The following is a list of the most critical, non-controversial bills as identified and described by the governor's office as requiring immediate legislative action.
Power for Jobs: A consensus agreement was reached to extend the Power for Jobs and Energy Cost Savings Benefit programs in a Leaders Meeting on May 28. Failure to pass this legislation by June 30, 2009 will negatively affect 570 businesses in New York State, which employ more than 330,000 people. As of July 1, these businesses will lose their benefits under the program and many will have to enter into alternative power arrangements, making it impossible to fully reverse the damage. (S.6031/S.50001/A.9039)
Mayoral Control: Mayoral control of New York City public schools expires on June 30, 2009. If it expires, a new structure of the formerly disbanded community school districts would need to be recreated, which would be time consuming and costly, thereby distracting time and resources from the education of children in New York City. This would have the most immediate impact on summer school classes, which begin in July. Costs would include school board elections, office rentals, and other expenses. The educational gains that resulted from Mayoral control would be lost. (S.5887/S.50003/A.8903-A)
Local Revenue Legislation: Failure of the Senate to approve legislation passed by the Assembly could have a $1.9 billion budgetary impact on local governments across New York State leading to massive increases in property taxes and cuts to vital services. This includes: $887 million in revenue actions needed to balance New York City’s 2009-10 budget; the loss of nearly $700 million in revenue associated with 35 county sales tax extenders; and over $350 million in other local government financing and revenue measures, such as the extension of NYC bond financing authority and allowing Nassau County to issues bond for retirement incentive costs, in order to avoid layoffs of County employees. Local taxpayers could also face property tax increases due to the Senate’s failure to pass legislation that would allow municipalities to phase-in substantial anticipated increases in local government employee pension costs over a multi-year period. Each one percent of employer salary base pension contribution is estimated to cost $180 million for local governments.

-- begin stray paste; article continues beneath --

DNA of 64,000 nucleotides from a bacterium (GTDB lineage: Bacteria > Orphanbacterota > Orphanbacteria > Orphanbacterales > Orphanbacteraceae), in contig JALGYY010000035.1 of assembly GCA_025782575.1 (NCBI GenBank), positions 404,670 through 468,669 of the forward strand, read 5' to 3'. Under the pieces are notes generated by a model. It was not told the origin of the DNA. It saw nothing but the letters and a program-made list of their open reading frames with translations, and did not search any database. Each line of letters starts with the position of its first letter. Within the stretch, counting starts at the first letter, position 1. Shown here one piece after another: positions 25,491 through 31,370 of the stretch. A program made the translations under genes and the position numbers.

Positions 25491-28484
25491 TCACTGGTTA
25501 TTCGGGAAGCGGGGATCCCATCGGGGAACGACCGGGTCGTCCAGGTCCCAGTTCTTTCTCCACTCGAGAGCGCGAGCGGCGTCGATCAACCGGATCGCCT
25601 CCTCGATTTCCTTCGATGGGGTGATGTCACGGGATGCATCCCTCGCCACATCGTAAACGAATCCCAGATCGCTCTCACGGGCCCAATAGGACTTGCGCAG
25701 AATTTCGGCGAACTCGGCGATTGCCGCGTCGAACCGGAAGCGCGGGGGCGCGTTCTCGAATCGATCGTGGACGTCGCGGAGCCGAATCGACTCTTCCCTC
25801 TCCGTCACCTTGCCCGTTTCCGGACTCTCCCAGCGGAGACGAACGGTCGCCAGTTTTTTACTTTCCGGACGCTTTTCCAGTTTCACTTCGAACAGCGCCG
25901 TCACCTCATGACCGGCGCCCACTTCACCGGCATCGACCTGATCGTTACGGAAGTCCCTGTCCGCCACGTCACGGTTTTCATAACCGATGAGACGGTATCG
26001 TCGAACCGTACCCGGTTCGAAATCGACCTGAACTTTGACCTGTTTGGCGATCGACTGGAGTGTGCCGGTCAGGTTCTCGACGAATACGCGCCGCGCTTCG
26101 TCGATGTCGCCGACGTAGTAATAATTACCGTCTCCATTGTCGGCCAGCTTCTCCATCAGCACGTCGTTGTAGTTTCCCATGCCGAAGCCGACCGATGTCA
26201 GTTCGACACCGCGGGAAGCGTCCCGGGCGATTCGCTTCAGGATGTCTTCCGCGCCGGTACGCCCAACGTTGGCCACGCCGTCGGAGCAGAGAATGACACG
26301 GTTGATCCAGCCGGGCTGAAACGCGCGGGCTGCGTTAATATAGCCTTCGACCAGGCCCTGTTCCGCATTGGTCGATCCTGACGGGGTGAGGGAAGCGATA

Lower Manhattan Tax Exemption Extensions: This bill would extend the temporary exemption from commercial rent and occupancy tax for premises used for retail sales (expires June 30, 2009) and the sales tax exemption for equipping office space (expires September 1, 2009) in Lower Manhattan and the World Trade Center area. Failure to pass this legislation would discontinue incentives used to attract and retain commercial tenants in Lower Manhattan, which is in the process of redeveloping since the devastating attacks of September 11, 2001. (S.5880/S.50049/A.8889)